Tuesday, February 14, 2017
That's my dad pictured above handing my wife and me a copy of his first book. It was one of those "areas of concern" I fought with him about during his short-lived time on this planet. I wanted absolutely nothing to do with Bisbee dolls equipped with purple tongues or anything else that came from the right side of his creative brain. In my opinion, writing was a distraction, not something people "do." Isn't it ironic? I'm at a point in my life where everything else is a distraction and I just can't stop writing. Yes, it's true, I did vomit in the parking lot the first time someone asked me to write a letter to my wife in a 3-day retreat designed to help us in our relationship after my dad passed away. Once I got over the puking, the recessive writing gene I inherited from dad and generations of deceased writers before him reared itself from deep within my soul and took over my mind. I'm haunted by fictional characters who invade me in the middle of the night. There's no cure for my condition except to keep writing lest these individuals force themselves upon me in the daylight hours commanding me to set them free upon the blank canvasses in front of me.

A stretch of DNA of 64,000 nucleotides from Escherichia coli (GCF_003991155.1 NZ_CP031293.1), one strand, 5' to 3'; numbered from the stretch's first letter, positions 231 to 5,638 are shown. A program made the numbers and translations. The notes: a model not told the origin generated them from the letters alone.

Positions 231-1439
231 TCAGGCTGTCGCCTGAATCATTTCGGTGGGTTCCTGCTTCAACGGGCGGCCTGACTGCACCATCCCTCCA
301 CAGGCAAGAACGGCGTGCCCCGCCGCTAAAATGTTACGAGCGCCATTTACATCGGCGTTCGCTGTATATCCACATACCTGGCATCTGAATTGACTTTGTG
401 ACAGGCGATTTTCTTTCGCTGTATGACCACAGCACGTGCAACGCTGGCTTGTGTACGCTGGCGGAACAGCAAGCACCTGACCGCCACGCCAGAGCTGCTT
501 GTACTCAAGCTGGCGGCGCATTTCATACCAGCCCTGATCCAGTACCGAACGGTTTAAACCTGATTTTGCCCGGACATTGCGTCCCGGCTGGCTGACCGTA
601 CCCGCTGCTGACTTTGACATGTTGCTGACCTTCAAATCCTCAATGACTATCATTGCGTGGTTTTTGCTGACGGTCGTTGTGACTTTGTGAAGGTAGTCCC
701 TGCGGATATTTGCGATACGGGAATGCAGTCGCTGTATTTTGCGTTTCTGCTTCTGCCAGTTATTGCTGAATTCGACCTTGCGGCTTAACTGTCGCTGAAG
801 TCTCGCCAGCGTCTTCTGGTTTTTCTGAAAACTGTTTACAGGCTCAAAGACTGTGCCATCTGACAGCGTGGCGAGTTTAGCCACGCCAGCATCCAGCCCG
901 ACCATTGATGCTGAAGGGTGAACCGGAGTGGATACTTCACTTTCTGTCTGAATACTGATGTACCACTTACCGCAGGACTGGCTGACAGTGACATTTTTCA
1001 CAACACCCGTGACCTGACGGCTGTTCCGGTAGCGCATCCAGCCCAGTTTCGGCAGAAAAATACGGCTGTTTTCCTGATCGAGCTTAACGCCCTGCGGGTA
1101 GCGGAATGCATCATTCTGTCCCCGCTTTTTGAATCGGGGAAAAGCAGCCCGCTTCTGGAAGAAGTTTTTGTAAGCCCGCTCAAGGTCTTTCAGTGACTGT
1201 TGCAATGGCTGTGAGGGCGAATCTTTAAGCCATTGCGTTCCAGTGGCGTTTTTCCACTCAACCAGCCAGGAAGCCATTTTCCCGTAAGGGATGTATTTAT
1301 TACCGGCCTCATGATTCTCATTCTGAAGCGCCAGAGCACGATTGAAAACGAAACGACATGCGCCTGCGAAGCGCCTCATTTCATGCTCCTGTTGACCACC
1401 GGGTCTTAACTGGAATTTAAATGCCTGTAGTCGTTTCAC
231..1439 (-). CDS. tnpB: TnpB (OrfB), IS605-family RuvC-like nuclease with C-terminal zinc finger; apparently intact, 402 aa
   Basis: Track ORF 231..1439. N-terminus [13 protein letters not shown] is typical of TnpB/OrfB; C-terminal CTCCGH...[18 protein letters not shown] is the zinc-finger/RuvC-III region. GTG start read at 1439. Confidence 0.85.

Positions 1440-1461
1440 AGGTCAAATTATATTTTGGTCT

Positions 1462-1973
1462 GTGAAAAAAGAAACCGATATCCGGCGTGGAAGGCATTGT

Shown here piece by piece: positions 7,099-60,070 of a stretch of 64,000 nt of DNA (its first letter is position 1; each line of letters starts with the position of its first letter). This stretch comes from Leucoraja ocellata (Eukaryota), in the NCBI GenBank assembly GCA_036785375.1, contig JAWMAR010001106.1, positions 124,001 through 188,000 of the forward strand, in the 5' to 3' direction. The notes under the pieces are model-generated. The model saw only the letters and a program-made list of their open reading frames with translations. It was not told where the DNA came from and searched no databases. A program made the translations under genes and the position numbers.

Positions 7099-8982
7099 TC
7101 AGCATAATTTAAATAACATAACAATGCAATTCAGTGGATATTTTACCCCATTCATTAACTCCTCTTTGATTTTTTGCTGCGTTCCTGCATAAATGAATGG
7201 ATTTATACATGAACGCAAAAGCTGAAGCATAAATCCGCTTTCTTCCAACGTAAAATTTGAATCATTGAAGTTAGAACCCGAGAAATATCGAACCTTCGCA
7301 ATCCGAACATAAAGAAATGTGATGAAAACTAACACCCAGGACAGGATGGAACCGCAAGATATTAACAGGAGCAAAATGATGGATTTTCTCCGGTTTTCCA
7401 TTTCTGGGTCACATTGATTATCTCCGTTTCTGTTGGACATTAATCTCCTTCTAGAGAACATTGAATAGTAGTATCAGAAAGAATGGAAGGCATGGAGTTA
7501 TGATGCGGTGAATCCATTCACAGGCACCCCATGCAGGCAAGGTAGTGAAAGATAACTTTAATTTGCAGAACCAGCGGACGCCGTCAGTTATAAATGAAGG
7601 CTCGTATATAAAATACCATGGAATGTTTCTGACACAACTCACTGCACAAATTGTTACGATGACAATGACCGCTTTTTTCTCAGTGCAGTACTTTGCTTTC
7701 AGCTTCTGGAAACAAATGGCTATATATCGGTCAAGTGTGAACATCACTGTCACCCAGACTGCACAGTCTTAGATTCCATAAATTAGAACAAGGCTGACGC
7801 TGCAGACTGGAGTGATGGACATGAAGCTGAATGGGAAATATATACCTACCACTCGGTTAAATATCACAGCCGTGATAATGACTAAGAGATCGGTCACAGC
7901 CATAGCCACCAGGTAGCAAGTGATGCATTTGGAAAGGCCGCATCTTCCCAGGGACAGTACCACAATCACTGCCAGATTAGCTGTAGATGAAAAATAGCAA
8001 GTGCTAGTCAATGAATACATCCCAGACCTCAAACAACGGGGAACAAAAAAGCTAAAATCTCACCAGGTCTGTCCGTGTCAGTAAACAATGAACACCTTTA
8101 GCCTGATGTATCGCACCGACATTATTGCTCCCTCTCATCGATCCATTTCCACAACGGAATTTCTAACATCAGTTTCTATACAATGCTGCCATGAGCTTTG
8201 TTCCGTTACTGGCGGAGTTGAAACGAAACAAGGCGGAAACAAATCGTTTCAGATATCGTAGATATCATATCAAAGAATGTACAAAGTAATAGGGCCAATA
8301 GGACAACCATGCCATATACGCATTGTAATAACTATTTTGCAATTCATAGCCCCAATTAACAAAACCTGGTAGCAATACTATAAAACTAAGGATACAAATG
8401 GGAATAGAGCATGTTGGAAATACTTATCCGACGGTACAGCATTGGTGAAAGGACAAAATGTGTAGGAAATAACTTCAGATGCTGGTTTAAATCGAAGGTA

Irony has stages. The first is denial. Second is anger, followed by doubt and uncertainty about what lies ahead. Then there is acceptance. I'm at the period of my life now where I'm embracing my calling, just as dad did. Irony is my best friend now. I'm sure my dad knew him well. Like it or not, our adult children may someday meet Irony. They can decide if it's a blessing or a curse. This is something every individual needs to discover at their own pace. I don't have time to debate. I must write. Have a great day.